Average Electricity Rates

The Michigan Legislature is considering a package of bills designed to decrease the amount of competition in Michigan’s electricity markets and impose mandates for the use of certain "renewable energies," such as solar power. The bills are marketed as job creators that would help provide a reliable supply of energy, but in fact, the record shows they would raise the cost of electricity and deliver a painful blow to Michigan’s economy.

Michigan introduced competition in the supply of electricity in 2000 with Public Act 141. The act allowed consumers to purchase electricity through their existing electrical lines from suppliers competing with the state’s regional monopoly utilities (primarily DTE Energy and Consumers Energy). When the law was passed, Michigan electricity rates were among the highest in the country, and they were higher than rates in any of the neighboring states.

Given a state unemployment rate of more than 8.5 percent, Michigan cannot afford to abandon competition in electricity supply for the benefit of its two biggest utilities.

Despite shortcomings, P.A. 141 has been successful in holding down electricity prices. Between 2000 and 2007, U.S. electricity rates increased 34.2 percent, or 4.3 percent per year on average. Michigan rates during this time increased only 20.8 percent, or 2.7 percent per year on average. In Wisconsin, where electricity choice was repealed, rates increased 47.1 percent, or 5.7 percent per year on average.

The majority of the benefits from competition occurred in the four years following the passage of P.A. 141. By 2004, Michigan’s electricity rates had fallen below the national average, where they remain today, and the gap between electricity rates in Michigan and surrounding states had narrowed. Michigan businesses and schools were saving millions of dollars in electricity costs by contracting with new suppliers at substantially lower rates than those charged by the former monopoly utilities. New generating capacity was also coming online, demonstrating that entrants were willing to invest in Michigan when the playing field is relatively level.

In late 2004, however, the Michigan Public Service Commission began requiring the customers of alternative suppliers to pay a surcharge to help the original utilities cover the "stranded" costs of meeting earlier state mandates. These surcharges were authorized by P.A. 141, but they undermined the act’s benefits. In the 12 months following the institution of the surcharge, industrial electricity rates jumped 13.2 percent, and the expansion of electricity competition effectively ended.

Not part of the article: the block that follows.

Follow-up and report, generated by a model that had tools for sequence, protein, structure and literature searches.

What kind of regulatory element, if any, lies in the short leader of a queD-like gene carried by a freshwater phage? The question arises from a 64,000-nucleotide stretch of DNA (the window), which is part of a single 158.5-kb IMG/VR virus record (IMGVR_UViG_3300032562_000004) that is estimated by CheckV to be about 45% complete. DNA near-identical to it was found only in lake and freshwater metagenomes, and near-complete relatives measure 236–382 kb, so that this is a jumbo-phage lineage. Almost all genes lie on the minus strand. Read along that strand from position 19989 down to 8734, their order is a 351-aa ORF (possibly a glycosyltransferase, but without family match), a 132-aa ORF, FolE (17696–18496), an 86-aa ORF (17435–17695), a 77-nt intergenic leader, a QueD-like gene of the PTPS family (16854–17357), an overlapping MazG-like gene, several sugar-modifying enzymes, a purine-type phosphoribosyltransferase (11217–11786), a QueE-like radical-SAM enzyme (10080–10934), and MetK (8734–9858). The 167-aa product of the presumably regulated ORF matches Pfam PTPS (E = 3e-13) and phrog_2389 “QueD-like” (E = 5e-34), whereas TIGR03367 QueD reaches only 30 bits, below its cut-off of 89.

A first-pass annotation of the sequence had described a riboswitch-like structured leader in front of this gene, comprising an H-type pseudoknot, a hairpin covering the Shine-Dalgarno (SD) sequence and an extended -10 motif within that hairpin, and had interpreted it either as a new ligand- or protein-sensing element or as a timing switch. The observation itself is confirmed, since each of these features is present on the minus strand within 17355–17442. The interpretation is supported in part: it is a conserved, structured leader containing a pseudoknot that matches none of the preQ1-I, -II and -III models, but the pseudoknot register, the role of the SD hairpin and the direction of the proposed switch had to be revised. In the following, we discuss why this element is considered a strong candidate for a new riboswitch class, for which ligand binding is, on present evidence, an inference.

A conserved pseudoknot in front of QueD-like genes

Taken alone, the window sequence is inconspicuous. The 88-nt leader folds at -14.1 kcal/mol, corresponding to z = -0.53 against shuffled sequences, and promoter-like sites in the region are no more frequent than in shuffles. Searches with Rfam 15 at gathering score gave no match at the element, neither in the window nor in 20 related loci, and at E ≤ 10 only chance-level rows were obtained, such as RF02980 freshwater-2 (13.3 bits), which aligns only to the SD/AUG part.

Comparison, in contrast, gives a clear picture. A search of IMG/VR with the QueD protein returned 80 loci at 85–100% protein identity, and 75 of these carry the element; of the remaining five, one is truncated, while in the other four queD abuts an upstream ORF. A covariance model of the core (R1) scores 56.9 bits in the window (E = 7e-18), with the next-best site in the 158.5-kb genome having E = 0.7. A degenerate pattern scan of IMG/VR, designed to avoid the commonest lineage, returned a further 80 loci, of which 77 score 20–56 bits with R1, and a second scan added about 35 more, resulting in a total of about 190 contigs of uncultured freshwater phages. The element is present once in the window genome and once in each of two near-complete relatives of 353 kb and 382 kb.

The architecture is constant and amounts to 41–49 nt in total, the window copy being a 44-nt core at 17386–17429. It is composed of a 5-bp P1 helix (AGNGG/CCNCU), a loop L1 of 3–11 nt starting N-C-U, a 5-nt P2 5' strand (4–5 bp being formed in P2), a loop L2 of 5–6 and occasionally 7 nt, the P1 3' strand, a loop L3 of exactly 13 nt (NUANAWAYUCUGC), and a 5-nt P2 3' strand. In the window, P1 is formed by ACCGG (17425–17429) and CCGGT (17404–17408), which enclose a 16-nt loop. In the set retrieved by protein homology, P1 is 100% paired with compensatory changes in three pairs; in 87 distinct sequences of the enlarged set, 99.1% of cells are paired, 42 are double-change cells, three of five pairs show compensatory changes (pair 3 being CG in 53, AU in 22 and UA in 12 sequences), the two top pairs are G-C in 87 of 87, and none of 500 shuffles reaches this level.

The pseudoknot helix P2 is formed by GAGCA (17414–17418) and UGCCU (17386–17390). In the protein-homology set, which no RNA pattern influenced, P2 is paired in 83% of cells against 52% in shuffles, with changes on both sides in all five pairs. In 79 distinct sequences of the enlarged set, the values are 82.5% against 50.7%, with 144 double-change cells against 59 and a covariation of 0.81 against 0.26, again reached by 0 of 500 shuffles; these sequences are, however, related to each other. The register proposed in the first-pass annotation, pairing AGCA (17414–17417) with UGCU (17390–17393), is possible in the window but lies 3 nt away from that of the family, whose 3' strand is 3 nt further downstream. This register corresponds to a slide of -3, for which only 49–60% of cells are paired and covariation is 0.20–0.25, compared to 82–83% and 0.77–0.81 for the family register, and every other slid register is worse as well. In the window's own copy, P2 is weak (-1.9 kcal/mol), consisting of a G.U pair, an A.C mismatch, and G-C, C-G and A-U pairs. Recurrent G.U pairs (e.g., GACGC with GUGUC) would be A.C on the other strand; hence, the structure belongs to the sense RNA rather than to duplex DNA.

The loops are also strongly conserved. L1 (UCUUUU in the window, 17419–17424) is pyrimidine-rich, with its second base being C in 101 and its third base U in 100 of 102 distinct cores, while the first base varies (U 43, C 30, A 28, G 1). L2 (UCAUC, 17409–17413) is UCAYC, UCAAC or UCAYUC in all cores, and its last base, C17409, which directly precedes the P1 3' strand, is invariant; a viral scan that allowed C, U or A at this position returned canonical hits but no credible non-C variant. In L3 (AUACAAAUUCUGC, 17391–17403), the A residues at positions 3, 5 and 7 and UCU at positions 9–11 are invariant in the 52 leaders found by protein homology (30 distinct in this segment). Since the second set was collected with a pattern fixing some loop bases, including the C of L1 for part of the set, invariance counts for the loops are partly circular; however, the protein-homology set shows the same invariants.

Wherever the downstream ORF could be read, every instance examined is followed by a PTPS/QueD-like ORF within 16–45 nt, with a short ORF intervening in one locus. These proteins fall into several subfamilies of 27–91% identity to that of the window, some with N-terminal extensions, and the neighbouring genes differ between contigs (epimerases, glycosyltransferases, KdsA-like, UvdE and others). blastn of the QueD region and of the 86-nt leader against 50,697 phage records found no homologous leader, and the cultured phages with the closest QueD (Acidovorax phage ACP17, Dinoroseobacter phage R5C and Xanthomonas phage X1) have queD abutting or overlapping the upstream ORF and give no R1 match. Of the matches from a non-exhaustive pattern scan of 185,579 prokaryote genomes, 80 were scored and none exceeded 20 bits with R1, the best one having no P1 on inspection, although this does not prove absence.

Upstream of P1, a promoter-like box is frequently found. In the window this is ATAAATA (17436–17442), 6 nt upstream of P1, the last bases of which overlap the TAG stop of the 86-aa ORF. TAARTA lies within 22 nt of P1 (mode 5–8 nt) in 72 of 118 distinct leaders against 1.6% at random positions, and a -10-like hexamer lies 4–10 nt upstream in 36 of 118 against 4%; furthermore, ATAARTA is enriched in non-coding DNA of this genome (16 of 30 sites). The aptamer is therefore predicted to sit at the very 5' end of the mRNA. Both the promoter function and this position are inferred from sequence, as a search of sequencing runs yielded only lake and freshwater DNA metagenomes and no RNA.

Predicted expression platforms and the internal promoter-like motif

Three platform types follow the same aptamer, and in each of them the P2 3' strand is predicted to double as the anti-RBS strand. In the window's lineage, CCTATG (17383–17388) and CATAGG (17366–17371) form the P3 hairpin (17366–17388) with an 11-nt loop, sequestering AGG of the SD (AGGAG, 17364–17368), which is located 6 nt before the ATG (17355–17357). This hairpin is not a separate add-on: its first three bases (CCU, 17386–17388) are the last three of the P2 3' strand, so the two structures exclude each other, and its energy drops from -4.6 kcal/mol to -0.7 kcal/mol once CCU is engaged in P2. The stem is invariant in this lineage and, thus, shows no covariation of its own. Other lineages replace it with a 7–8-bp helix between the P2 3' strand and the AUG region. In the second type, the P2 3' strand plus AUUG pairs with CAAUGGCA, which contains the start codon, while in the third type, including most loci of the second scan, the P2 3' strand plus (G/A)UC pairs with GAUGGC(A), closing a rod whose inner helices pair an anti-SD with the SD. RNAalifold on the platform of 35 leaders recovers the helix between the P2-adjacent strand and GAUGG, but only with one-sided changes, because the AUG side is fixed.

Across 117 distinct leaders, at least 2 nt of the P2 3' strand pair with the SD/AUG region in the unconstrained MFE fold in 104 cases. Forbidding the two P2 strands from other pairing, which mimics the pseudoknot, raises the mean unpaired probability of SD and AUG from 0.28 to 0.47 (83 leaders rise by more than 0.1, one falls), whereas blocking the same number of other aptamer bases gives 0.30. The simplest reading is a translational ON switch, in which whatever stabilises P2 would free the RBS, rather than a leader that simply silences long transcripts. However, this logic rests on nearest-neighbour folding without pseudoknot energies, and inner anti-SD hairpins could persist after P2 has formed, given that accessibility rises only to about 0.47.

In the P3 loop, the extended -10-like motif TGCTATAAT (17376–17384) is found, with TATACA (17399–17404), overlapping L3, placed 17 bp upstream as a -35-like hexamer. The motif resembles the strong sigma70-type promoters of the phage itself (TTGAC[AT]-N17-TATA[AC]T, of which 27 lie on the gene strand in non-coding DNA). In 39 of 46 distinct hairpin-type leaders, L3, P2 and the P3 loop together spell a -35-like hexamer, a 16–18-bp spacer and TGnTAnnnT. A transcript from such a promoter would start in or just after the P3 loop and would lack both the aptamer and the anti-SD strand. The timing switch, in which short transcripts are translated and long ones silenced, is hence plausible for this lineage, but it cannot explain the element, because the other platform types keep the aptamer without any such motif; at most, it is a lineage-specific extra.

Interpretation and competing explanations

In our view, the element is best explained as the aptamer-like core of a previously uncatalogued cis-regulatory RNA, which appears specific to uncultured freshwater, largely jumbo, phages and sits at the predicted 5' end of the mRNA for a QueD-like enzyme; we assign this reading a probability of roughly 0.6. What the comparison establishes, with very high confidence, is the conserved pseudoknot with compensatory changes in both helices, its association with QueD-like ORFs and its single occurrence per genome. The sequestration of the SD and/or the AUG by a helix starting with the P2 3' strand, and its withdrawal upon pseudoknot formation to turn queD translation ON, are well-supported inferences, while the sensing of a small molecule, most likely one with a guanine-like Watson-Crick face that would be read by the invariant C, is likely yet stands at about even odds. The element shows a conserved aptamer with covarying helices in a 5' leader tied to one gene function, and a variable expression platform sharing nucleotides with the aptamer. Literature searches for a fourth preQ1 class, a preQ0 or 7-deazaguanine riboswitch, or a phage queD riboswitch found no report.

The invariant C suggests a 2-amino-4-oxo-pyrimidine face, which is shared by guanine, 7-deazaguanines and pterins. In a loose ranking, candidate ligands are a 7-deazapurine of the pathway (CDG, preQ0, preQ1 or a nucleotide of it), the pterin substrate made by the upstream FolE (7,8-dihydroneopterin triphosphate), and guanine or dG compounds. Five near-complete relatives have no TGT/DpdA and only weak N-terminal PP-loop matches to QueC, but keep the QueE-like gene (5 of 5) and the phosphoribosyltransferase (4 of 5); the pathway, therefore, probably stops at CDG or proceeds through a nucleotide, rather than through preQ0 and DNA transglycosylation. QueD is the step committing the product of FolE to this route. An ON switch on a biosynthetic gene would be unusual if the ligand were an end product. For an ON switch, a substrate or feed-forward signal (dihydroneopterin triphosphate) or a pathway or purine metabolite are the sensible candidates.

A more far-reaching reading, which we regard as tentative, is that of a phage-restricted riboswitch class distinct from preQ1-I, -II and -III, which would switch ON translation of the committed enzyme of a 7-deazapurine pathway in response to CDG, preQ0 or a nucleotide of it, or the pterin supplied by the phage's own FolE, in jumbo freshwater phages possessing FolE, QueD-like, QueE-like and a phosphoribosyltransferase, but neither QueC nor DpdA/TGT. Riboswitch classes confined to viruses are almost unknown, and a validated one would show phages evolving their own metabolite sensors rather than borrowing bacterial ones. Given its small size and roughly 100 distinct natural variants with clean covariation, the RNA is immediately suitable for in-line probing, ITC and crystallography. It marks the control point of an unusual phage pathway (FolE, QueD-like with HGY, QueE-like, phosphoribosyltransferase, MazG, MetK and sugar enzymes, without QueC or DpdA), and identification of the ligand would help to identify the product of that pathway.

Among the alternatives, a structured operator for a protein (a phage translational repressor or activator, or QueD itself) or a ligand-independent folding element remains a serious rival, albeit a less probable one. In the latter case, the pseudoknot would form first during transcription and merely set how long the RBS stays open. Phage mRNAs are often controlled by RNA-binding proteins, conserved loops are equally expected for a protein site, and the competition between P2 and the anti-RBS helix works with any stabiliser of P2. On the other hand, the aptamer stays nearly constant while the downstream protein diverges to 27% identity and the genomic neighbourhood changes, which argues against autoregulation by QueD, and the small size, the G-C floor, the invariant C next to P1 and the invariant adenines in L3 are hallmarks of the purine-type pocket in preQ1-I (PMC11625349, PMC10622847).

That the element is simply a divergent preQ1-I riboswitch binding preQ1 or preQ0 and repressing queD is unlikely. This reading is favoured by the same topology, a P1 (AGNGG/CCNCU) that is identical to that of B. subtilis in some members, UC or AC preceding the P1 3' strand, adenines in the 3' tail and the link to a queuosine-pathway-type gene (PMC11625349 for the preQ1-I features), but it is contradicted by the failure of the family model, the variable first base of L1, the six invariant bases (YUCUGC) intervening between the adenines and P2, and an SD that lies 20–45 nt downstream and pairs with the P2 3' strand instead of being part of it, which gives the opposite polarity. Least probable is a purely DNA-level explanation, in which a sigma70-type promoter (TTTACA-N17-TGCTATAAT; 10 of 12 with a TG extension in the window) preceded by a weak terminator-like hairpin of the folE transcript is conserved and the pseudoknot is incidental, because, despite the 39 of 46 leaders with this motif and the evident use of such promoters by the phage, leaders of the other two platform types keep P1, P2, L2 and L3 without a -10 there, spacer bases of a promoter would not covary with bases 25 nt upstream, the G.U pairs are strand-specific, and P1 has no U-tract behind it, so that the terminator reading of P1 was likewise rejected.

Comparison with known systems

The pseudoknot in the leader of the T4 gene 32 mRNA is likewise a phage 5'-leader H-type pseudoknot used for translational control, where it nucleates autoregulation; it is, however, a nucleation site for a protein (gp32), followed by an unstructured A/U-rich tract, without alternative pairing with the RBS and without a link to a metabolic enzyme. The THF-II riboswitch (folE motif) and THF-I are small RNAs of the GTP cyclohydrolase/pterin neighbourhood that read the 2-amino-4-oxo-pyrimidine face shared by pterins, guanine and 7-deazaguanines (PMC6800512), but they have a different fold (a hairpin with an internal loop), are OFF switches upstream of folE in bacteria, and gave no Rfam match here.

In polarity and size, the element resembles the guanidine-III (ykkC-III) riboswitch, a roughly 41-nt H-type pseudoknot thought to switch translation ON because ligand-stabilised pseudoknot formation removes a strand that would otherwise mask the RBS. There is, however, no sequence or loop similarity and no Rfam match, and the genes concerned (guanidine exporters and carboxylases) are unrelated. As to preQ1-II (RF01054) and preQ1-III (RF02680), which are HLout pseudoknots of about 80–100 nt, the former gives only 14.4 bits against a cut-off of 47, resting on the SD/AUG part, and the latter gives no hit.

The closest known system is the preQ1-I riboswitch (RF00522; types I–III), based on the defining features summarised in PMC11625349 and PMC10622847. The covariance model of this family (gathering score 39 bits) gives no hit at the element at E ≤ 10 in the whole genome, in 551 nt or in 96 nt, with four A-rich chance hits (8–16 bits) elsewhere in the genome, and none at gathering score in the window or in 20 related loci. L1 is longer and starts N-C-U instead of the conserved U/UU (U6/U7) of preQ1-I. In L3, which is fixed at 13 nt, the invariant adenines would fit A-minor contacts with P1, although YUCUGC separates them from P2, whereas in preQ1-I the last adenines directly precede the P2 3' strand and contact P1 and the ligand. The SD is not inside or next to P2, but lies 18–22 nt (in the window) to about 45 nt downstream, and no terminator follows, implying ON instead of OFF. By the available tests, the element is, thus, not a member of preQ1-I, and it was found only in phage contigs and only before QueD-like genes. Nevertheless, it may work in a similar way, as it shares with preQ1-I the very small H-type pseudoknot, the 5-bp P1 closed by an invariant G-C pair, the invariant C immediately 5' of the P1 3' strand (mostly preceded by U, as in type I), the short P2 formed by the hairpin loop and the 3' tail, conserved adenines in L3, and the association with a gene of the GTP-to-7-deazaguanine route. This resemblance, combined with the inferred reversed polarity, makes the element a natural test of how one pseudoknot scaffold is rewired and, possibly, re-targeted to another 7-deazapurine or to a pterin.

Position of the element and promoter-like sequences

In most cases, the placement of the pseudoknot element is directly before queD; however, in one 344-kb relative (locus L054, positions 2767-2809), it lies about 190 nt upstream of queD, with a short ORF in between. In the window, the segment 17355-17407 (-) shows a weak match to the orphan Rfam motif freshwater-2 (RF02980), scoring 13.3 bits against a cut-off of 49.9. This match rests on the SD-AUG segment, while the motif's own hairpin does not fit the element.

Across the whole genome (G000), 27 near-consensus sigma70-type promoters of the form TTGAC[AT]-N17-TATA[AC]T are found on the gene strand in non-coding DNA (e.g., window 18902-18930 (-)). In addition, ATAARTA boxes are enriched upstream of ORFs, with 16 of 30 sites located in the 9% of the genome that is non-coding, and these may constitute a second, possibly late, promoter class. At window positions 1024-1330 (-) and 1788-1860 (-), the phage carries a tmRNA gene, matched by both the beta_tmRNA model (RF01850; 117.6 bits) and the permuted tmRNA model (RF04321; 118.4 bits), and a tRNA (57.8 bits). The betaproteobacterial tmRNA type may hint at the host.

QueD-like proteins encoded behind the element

Hence, the Michigan Legislature should focus on eliminating these subsidies to the established big utilities, which benefited for decades from their state-granted monopoly status. Instead, the legislation being considered would guarantee the big utilities a 90 percent market share. The utilities claim they need such a guarantee on grounds that they need a predictable income in order to afford investments in new capacity.

But alternative suppliers in Michigan and throughout the country have managed to invest in new capacity while facing competition. Furthermore, the U.S. Federal Trade Commission has disputed the claim that regulatory protectionism is necessary for new investment. In an April 2008 regulatory filing, the FTC wrote, "We believe that a focus on removal of regulatory obstacles to efficient real-time price signals and demand response at the federal and state levels can be an important step toward appropriate, efficient reliance on conventional price mechanisms to handle scarcity and guide investment."

The House package of bills also contains a "renewable portfolio standard" requiring that a certain quota of Michigan electricity generation come from renewable energy sources. Since this requirement is included in a package that limits competition, the effect would be to largely foreclose anyone other than the big utilities from offering renewable energy in Michigan. The American Wind Energy Association, representing wind entrepreneurs who might possibly benefit from a renewable energy quota, urged legislators to reject the House bills because "the public should not expect economic benefits to result from the package."

Energy affordability and innovation are crucial to Michigan’s future. High energy costs hurt businesses and residents alike. Given a state unemployment rate of more than 8.5 percent, Michigan cannot afford to abandon competition in electricity supply for the benefit of its two biggest utilities. As noted by renowned economist Alfred E. Kahn, the father of airline deregulation under the Carter administration: "Policy makers confronting pressures to undo the restructuring of the electricity industry would be well advised to base their decisions on the longer-term benefits that will flow from properly implementing competitive markets."

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Theodore Bolema, an attorney and faculty member at the Central Michigan University College of Business Administration, is an adjunct scholar of the Mackinac Center for Public Policy, a research and educational institute headquartered in Midland, Mich. Permission to reprint in whole or in part is hereby granted, provided that the author and the Center are properly cited. Bolema also is co-author of a recent policy brief about this issue titled "Proposals to Further Regulate Michigan’s Electricity Market: An Assessment."

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Summary

The Michigan Legislature should abandon plans to end electricity deregulation and to mandate that power companies use a certain percentage of “renewable energy.” The result would be choices and higher prices for consumers.

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